- Posted by Mary's Advocates
- On September 8, 2015
The Evil of Divorce and the Dignity of the Human Person: Understanding the Immorality of Divorce through St. John Paul II’s Theology of the Body
On Sept. 8, 2015, at Franciscan University of Steubenville, Cardinal Raymond Burke gave a keynote address followed by a panel discussion, including the presentation by Dr. Donald Asci, STD. The program was titled “The Synod on the Family: Addressing the Instrumentum Laboris.” As the bishops were preparing for their second synod, their working document, Instrumentum Laboris, had received much scrutiny.
Watch video of full program here. Emmaus Road published a book that brings together the proceedings of the event and includes the full text of Cardinal Burke’s presentation and essays from the panelists. From the Beginning: The Mission and Vocation of the Family in the Contemporary World.
Dr. Asci says, “We need to make recognizing the indissolubility of marriage and the evil of divorce a prominent feature of our Catholic faith and identity, something along the line of the ways in which we are pro-life and in the ways in which we speak out against the recognition of same sex unions precisely because the gospel requires us to defend the dignity of the human person and to foster hope among ourselves and the world around us.”
Dr. Donald Asci, STD, is Professor of Moral Theology at Franciscan University of Steubenville.
Dr. Donald Asci, The Evil of Divorce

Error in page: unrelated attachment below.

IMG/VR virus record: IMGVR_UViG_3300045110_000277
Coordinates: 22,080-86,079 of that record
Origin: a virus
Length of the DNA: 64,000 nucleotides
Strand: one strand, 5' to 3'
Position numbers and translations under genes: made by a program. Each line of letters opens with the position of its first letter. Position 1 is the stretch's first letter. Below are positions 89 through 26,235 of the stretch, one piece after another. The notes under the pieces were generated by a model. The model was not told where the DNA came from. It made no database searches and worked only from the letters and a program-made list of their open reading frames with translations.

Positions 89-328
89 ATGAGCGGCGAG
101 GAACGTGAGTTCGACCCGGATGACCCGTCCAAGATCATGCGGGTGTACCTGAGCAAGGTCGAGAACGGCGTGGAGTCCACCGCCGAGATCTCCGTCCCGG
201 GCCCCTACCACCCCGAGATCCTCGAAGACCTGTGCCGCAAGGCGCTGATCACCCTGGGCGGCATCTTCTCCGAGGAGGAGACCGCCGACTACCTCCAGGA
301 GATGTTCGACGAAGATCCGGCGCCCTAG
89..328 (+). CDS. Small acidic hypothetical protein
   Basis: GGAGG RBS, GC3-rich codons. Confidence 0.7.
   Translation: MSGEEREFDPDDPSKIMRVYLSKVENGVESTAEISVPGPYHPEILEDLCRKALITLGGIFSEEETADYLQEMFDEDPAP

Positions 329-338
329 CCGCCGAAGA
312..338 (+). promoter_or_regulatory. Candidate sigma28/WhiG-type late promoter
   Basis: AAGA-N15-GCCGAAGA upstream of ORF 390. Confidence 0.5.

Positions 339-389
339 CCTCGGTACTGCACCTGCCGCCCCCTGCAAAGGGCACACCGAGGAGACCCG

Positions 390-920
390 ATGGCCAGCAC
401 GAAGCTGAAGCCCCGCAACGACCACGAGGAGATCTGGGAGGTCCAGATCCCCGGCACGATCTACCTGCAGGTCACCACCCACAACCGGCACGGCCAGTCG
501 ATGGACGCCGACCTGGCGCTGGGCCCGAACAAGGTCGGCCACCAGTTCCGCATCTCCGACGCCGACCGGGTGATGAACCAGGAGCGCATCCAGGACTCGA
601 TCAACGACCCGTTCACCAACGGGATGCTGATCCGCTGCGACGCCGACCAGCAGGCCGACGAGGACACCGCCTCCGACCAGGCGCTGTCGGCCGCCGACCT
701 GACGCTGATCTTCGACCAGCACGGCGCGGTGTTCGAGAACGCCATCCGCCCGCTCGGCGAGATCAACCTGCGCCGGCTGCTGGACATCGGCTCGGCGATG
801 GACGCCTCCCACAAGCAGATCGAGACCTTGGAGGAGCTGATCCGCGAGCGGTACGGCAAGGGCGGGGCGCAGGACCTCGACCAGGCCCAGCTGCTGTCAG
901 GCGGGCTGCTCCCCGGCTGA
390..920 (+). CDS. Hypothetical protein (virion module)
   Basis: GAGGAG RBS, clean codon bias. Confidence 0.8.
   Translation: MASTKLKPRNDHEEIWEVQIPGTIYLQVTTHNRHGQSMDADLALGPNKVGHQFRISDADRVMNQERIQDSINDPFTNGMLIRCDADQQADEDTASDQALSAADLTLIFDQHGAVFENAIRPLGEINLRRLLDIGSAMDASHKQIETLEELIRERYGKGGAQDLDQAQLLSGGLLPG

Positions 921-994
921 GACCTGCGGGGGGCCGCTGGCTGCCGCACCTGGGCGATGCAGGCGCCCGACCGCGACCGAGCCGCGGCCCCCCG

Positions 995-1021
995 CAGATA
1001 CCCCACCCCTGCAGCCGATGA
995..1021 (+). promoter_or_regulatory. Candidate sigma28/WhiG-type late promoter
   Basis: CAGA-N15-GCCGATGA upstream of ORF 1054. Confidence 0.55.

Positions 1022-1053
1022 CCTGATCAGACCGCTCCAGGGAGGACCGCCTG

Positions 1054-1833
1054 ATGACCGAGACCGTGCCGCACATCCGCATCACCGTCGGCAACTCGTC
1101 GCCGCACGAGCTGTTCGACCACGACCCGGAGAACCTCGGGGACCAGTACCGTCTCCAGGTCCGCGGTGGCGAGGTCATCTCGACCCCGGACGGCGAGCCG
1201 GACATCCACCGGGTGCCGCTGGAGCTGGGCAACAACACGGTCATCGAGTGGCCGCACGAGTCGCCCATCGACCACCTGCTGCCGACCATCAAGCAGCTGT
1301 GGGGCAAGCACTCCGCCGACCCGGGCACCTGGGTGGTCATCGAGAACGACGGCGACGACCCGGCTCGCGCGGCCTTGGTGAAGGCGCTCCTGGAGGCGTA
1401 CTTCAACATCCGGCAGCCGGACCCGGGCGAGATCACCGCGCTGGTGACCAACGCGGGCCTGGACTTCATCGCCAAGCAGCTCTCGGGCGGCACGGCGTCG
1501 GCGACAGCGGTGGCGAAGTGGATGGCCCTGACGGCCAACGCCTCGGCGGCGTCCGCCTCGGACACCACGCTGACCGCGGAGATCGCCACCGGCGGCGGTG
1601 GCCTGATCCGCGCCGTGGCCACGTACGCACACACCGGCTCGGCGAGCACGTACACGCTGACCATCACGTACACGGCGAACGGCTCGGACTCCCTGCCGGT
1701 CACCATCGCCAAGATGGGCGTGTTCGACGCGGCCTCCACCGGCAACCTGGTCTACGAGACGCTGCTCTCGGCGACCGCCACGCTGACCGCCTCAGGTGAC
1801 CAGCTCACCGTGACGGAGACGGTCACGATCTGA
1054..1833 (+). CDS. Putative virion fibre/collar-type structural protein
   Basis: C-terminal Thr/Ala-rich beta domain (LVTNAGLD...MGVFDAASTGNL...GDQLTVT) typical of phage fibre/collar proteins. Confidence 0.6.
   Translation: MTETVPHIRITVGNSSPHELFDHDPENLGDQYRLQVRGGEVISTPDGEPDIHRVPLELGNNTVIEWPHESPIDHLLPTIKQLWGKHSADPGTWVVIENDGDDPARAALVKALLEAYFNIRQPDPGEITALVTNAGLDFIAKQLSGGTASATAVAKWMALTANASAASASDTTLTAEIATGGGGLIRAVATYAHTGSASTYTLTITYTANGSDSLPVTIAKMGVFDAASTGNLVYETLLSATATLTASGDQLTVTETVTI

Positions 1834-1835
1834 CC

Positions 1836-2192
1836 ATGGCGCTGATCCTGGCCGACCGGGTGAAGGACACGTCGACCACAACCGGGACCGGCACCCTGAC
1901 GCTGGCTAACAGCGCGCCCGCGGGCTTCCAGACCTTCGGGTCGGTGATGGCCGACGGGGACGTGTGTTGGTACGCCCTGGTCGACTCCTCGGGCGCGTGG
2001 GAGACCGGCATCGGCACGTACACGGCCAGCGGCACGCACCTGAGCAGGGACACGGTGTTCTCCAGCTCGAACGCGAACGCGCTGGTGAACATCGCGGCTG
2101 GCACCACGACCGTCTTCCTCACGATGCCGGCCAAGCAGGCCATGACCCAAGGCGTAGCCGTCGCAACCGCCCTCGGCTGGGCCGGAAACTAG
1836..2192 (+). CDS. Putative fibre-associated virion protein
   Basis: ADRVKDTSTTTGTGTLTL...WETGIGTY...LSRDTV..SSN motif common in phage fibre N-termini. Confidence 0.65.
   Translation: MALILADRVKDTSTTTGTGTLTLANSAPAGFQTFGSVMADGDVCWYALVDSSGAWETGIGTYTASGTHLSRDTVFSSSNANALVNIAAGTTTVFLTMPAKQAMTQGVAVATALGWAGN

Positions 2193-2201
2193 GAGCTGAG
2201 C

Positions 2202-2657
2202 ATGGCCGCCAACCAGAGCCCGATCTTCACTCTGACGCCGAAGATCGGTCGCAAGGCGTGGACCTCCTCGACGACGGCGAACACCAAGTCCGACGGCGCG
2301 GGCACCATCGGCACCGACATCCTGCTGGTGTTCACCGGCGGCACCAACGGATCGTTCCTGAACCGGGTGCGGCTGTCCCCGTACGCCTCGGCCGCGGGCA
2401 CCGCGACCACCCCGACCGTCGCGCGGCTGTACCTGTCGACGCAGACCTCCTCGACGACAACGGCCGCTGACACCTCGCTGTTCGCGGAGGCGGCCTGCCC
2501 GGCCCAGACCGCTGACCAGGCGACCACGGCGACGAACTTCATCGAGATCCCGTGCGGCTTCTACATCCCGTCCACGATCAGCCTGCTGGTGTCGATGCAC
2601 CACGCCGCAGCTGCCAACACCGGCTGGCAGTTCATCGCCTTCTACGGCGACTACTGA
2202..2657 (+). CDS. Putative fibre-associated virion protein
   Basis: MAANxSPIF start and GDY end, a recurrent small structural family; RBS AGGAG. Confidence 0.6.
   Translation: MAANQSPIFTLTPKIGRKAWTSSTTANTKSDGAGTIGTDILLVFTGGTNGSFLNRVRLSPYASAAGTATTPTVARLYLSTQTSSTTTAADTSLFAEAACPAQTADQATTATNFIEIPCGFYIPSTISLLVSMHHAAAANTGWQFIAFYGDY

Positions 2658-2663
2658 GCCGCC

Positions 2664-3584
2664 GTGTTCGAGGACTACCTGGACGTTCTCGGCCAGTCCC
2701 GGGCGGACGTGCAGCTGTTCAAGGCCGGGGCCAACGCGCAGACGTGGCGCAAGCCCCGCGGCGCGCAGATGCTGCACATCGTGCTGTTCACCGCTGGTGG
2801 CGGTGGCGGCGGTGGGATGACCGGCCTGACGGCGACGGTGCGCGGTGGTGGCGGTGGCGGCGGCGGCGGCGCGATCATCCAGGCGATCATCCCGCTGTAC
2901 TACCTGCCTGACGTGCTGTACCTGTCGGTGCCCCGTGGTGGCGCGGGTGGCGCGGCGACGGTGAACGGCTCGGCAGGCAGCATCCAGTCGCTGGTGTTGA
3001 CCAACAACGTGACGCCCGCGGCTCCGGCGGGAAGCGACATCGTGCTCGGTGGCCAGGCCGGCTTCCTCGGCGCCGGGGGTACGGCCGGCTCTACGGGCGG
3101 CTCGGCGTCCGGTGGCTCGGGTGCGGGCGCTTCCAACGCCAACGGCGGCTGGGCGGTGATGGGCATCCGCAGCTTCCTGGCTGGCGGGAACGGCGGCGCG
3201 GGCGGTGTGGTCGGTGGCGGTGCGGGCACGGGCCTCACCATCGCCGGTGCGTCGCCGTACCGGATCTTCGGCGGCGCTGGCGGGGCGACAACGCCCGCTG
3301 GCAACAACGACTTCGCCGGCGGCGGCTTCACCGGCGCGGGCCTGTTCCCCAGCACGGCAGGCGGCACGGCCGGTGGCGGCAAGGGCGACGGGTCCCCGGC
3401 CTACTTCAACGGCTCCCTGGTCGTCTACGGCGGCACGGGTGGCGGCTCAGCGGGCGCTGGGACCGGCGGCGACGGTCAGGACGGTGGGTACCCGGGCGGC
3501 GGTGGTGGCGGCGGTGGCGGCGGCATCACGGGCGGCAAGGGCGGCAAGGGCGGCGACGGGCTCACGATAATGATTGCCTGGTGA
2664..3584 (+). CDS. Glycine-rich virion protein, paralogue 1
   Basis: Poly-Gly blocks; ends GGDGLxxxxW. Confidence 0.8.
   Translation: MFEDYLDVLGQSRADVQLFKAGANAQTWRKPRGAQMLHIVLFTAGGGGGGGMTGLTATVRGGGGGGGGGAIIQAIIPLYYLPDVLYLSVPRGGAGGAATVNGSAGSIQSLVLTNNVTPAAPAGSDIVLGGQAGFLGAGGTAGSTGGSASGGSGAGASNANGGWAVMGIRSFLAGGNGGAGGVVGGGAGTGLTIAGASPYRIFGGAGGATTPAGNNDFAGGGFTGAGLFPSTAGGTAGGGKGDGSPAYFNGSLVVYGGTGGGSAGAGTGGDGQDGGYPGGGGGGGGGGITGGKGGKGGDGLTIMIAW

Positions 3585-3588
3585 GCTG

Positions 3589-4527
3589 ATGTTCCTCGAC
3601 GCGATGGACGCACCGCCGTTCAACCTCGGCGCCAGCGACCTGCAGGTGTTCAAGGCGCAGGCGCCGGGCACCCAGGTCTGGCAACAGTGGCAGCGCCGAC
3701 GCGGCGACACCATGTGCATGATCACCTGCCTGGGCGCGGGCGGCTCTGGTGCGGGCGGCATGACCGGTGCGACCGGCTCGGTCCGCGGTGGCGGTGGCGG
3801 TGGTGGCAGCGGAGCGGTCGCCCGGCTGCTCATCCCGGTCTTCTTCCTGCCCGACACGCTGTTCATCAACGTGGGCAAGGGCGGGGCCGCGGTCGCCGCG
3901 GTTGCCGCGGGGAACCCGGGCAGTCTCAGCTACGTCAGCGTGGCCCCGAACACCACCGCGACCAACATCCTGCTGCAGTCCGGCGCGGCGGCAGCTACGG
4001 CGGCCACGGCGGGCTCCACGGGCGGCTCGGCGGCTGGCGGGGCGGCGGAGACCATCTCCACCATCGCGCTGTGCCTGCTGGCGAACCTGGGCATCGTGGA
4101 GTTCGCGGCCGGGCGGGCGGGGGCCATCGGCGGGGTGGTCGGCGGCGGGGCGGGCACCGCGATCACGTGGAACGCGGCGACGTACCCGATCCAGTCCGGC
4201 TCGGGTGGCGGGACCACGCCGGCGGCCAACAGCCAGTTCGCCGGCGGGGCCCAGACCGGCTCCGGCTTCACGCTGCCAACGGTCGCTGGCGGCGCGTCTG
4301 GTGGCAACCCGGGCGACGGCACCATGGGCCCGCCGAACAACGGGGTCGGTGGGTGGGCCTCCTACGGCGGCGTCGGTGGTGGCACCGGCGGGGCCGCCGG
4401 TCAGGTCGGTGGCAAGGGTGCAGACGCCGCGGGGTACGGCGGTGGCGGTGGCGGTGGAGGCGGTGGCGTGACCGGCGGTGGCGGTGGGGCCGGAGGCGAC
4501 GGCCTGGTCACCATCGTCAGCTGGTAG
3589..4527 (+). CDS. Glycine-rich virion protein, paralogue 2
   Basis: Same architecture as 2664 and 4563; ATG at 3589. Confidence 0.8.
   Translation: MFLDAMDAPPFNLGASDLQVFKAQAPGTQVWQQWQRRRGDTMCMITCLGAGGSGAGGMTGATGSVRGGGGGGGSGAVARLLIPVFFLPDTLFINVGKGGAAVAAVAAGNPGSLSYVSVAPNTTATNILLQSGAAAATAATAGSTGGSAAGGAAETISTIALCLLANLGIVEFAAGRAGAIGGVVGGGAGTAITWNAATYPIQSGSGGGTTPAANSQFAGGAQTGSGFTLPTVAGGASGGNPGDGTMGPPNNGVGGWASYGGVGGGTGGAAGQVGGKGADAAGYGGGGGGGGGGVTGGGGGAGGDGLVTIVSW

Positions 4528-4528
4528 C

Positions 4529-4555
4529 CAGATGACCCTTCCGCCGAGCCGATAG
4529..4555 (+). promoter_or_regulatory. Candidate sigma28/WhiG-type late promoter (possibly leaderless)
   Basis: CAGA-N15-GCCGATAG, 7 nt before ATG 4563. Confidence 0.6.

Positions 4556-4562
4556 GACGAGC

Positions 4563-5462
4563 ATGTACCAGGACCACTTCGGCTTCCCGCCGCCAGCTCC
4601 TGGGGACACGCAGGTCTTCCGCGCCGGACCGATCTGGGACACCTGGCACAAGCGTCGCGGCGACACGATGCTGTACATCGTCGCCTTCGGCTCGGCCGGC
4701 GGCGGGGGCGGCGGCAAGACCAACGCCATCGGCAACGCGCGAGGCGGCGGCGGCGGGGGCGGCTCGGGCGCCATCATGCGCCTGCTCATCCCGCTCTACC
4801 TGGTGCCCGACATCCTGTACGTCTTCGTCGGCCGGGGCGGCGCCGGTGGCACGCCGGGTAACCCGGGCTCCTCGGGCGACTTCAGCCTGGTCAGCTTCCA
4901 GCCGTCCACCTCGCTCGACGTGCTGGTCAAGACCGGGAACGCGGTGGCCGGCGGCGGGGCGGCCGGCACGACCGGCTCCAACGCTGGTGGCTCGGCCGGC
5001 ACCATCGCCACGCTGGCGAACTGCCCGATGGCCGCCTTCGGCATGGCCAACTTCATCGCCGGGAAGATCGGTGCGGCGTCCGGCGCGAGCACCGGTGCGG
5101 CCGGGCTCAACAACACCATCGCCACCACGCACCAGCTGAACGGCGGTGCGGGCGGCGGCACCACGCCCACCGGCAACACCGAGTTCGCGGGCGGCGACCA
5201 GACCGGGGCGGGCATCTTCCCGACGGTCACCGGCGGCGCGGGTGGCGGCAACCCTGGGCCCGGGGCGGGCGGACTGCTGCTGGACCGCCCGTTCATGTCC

Abstract from printed event program
In Familiaris Consortio Pope St. John Paul II describes bearing “witness to the inestimable value of the indissolubility and fidelity of marriage” as “one of the most precious and urgent tasks” of Christians, especially married couples, in our time. While it primarily “reconfirms the good news of the definite nature of conjugal love that has Christ as its foundation and strength,” Catholic teaching on the indissolubility of marriage also includes the explicit recognition of the immorality of divorce itself even apart from the compounding evil of civil remarriage after a divorce. However, as recent discussions of the indissolubility of marriage surrounding the Synod have suggested, few seem to find exploring the evil of divorce itself to be an important topic, much less an urgent task, with the focus being shifted instead to the cases of those who compound the evil of divorce with a civil remarriage and their situation regarding Eucharistic communion. This essay addresses divorce as a grave offense against the dignity of the human person by approaching the question through the spousal meaning of the body articulated in St. John Paul II’s theology of the body. Viewing divorce from the perspective of the spousal meaning of the body makes the evil of divorce more clearly an affront to the intrinsic value of the human person and a type of consumerism in the marital sphere, which in turn likens divorce to the evil of euthanasia. This essay secondarily examines how divorce can in some cases be a form of despair, especially despair in the face of suffering or despair over the possibility of reconciliation, which sets divorce against the sacramental character of marriage. Finally, this essay proposes that by failing to address the evils of divorce clearly and adamantly, Catholics may be undercutting our attempts to defend the dignity of the human person in other situations (e.g. euthanasia, abortion, and the sex industry) and our attempts to foster Christian hope in general and in the sexual sphere specifically.